ABSTRACT: We report the discovery with the Atacama Pathfinder EXperiment (APEX) of an outflow of molecular gas in the radio-loud Seyfert galaxy IC5063 (z = 0.0110). In addition to the emission of the large-scale CO disk, a prominent blueshifted wing is observed in the CO(2-1) spectrum. IC5063 represents one of the best cases of a fast jet-driven HI (and ionized gas) outflow, which is located at the site of a radio-bright feature about 0.5 kpc from the nucleus. It is possible that the blueshifted part of the molecular gas is associated with this outflow and is accelerated by the interaction with the radio jet. The outflow of molecular gas is characterized by an H$_2$ mass of the outflowing component of between 2.25 +/- 0.70 x 10^7 M_sun and 1.29 +/- 0.40 x 10^8 M_sun and a mass outflow rate between 22 and 129 M_sun/yr depending on the assumption for alpha_X and assuming a luminosity ratio L'_CO(2-1)/L'_CO(1-0) = 1. This confirms that this may indeed be the dominant component in outflows driven by the nuclear activity that are also found in other objects. However, this high mass outflow rate cannot easily be supported for a long time, suggesting that the gas outflow in IC5063 happens in bursts and is in a particularly strong phase at present. Owing to its proximity, IC5063 serves as an excellent laboratory for understanding the impact of radio jets on the gas-rich inter-stellar medium.
    Astronomy and Astrophysics 02/2013; · 5.08 Impact Factor
  • Source
    [Show abstract] [Hide abstract]
    ABSTRACT: For early-type galaxies, the ability to sustain a corona of hot, X-ray emitting gas could have played a key role in quenching their star-formation history. Yet, it is still unclear what drives the precise amount of hot gas around these galaxies. By combining photometric and spectroscopic measurements for the early-type galaxies observed during the Atlas3D integral-field survey with measurements of their X-ray luminosity based on X-ray data of both low and high spatial resolution we conclude that the hot-gas content of early-type galaxies can depend on their dynamical structure. Specifically, whereas slow rotators generally have X-ray halos with luminosity L_X,gas and temperature T values that are in line with what is expected if the hot-gas emission is sustained by the thermalisaton of the kinetic energy carried by the stellar-mass loss material, fast rotators tend to display L_X,gas values that fall consistently below the prediction of this model, with similar T values that do not scale with the stellar kinetic energy as observed in the case of slow rotators. Considering that fast rotators are likely to be intrinsically flatter than slow rotators, and that the few L_X,gas-deficient slow rotators also happen to be relatively flat, the observed L_X,gas deficiency in these objects would support the hypothesis whereby flatter galaxies have a harder time in retaining their hot gas. We discuss the implications that a different hot-gas content could have on the fate of both acquired and internally-produced gaseous material, considering in particular how the L_X,gas deficiency of fast rotators would make them more capable to recycle the stellar-mass loss material into new stars than slow rotators. This is consistent with the finding that molecular gas and young stars are detected only in fast rotators in the Atlas3D sample, and that fast rotators tend to dustier than slow rotators. [Abridged]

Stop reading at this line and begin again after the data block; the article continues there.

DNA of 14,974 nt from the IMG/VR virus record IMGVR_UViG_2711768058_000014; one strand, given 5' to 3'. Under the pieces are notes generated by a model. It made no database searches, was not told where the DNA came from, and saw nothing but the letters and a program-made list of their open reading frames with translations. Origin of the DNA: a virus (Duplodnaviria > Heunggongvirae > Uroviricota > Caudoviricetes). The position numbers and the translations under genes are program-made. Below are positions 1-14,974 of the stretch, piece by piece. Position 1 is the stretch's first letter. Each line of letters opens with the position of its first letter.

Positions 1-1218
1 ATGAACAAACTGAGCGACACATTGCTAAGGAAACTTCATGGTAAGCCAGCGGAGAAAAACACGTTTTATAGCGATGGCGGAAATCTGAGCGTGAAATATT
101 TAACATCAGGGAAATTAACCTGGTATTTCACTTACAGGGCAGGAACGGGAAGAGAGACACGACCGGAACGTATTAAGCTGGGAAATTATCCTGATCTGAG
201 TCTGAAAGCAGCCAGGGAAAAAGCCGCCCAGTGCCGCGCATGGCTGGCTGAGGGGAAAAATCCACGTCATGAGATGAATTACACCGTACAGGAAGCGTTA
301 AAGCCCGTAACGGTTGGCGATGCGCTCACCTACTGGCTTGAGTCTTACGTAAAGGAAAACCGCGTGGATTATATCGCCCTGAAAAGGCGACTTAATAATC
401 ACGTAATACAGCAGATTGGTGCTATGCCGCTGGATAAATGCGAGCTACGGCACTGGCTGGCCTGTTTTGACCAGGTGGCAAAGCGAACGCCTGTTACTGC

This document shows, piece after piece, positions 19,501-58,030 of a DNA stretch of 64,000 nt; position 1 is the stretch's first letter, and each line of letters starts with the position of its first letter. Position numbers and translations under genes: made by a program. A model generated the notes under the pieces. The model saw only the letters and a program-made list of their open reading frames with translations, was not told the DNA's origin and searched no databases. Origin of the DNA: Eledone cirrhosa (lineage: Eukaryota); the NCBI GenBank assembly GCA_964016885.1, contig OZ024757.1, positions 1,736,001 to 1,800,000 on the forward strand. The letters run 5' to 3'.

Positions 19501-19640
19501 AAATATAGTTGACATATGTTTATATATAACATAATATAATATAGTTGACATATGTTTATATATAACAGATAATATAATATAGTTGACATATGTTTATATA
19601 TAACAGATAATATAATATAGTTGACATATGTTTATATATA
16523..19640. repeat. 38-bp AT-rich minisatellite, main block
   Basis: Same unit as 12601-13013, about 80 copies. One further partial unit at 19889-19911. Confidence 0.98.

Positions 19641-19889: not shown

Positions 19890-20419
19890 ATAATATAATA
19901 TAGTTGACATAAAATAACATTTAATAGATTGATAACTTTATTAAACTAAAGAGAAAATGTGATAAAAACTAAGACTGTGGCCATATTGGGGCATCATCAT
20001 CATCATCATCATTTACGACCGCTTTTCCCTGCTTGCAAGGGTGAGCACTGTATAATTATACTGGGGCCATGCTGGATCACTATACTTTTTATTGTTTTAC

Monthly Notices of the Royal Astronomical Society 01/2013; 432(3). · 5.52 Impact Factor
  • Source
    [Show abstract] [Hide abstract]